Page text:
Zontee:  I like to definitely have containers for my yarns. I think it’s really important to keep your yarns clean, keep them out of reach of, say, any animals or small hands or just the curious passerby. I think it’s good to just keep them in containers of some sort. But I have to say, with my needles and hooks I actually like to display them in jars because I think that they’re really beautiful. I also know that a lot of people prefer to have them in organized books and rolls that are actually designed for that. You can find our patterns for that on LionBrand.com if you want to make your own.

Liz:  We were just talking about needle and hook storage in the design department last week, and apparently I’m a bit of an oddity. With the exception of the interchangeable set that I have that goes in its own little binder, I keep all of my circular needles and double‑pointed needles in their original packaging and stack them in a drawer by first size and then cord length.

Zontee:  You are amazing. That’s amazing.

Liz:  Because I couldn’t handle having to root through a drawer or anything to try and find what I need.

Zontee:  I don’t do that with circulars. That would be a little bit annoying. But I have to say that I actually don’t keep much in my original packaging.

Liz:  It takes up so little space if you keep them in their original packaging.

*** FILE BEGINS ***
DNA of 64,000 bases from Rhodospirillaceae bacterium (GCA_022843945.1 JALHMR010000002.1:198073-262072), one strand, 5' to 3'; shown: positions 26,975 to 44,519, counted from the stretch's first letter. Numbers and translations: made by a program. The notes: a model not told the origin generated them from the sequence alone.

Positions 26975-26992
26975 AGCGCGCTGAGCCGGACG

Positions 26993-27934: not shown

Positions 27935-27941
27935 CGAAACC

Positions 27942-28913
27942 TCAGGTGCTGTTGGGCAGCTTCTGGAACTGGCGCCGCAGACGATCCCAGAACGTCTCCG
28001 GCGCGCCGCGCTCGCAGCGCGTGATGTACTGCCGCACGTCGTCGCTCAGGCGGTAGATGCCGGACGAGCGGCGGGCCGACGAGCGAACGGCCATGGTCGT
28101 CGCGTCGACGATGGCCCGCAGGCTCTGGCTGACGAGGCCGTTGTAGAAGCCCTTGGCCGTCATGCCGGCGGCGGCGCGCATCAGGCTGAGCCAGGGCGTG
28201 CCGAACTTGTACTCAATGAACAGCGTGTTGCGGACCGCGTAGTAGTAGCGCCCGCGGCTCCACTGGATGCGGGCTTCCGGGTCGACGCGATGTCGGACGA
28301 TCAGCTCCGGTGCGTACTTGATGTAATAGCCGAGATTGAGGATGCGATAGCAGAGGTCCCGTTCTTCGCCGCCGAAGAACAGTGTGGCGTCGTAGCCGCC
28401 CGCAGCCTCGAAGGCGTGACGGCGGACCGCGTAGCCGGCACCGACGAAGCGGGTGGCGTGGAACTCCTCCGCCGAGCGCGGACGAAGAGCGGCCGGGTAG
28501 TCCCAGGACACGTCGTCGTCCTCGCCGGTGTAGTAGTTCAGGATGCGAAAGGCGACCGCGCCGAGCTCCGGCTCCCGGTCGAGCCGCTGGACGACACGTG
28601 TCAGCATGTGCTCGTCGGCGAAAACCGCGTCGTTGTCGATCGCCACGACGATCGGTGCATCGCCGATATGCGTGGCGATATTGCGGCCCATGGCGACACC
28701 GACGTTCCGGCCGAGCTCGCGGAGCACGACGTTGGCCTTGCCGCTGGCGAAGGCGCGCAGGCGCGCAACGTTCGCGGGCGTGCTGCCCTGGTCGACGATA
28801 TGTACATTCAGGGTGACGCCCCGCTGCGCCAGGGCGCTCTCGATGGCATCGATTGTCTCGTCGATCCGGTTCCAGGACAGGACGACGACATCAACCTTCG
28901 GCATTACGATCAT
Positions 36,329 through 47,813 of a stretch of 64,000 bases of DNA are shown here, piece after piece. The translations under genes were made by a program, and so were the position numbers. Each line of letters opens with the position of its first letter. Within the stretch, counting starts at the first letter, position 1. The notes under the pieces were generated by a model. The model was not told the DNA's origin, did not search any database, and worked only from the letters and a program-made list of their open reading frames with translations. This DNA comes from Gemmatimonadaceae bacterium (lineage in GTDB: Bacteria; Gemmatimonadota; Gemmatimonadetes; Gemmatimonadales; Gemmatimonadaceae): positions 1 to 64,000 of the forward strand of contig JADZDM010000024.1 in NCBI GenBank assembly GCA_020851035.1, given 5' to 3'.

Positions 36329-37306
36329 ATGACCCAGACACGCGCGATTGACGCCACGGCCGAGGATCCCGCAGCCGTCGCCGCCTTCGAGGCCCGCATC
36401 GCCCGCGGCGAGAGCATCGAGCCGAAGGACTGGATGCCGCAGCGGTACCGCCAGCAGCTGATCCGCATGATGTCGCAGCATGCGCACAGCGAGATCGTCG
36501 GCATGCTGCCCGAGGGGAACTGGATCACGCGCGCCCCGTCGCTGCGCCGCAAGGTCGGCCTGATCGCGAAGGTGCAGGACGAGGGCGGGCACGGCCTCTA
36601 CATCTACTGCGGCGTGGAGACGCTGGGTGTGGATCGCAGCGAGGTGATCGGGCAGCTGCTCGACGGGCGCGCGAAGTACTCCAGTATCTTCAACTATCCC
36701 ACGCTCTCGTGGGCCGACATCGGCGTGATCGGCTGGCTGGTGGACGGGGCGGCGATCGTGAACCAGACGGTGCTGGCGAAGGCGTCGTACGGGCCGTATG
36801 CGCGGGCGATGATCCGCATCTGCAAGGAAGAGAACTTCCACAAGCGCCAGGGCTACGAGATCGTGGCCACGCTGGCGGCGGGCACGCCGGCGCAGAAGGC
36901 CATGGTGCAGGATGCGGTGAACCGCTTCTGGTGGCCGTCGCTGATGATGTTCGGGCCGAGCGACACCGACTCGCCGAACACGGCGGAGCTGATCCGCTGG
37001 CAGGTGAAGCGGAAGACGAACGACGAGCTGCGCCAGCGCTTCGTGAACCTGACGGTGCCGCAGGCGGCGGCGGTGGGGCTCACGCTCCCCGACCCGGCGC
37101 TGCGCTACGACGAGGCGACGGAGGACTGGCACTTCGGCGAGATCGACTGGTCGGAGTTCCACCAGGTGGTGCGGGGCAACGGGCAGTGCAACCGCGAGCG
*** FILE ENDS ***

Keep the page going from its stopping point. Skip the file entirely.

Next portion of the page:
Zontee:  All right.

Liz:  It seems counterintuitive. It seems like that would take more space. No, very compact. It’s in just one little corner of the yarn drawers.

Zontee:  Well, we hope that helps you, Miki, and we hope that you’ll check out the episodes that talk about organization. We’ll link to those as well so you that can find them easily.

Liz:  Also on the blog, Kristen mentioned that she recently just got back into yarn crafting after having learned to knit as a teenager. She’s also really big into blogs and wanted some good suggestions. She’s in luck. There are so many great yarn‑related blogs. Back in our very first episode, which you can still find on our blog, we give a list of some other blogs to check out that are all great, and I believe they are all still actively posting. So that’s one resource.

Another good strategy is to check out sites that are what are called aggregators of blog content. Just one example would be something like Craftzine.com, where they feature a lot of posts that people make on their individual blogs. That can be a great way to get exposed to new blogs that you can then go and follow back on their original sites if you’re interested in them.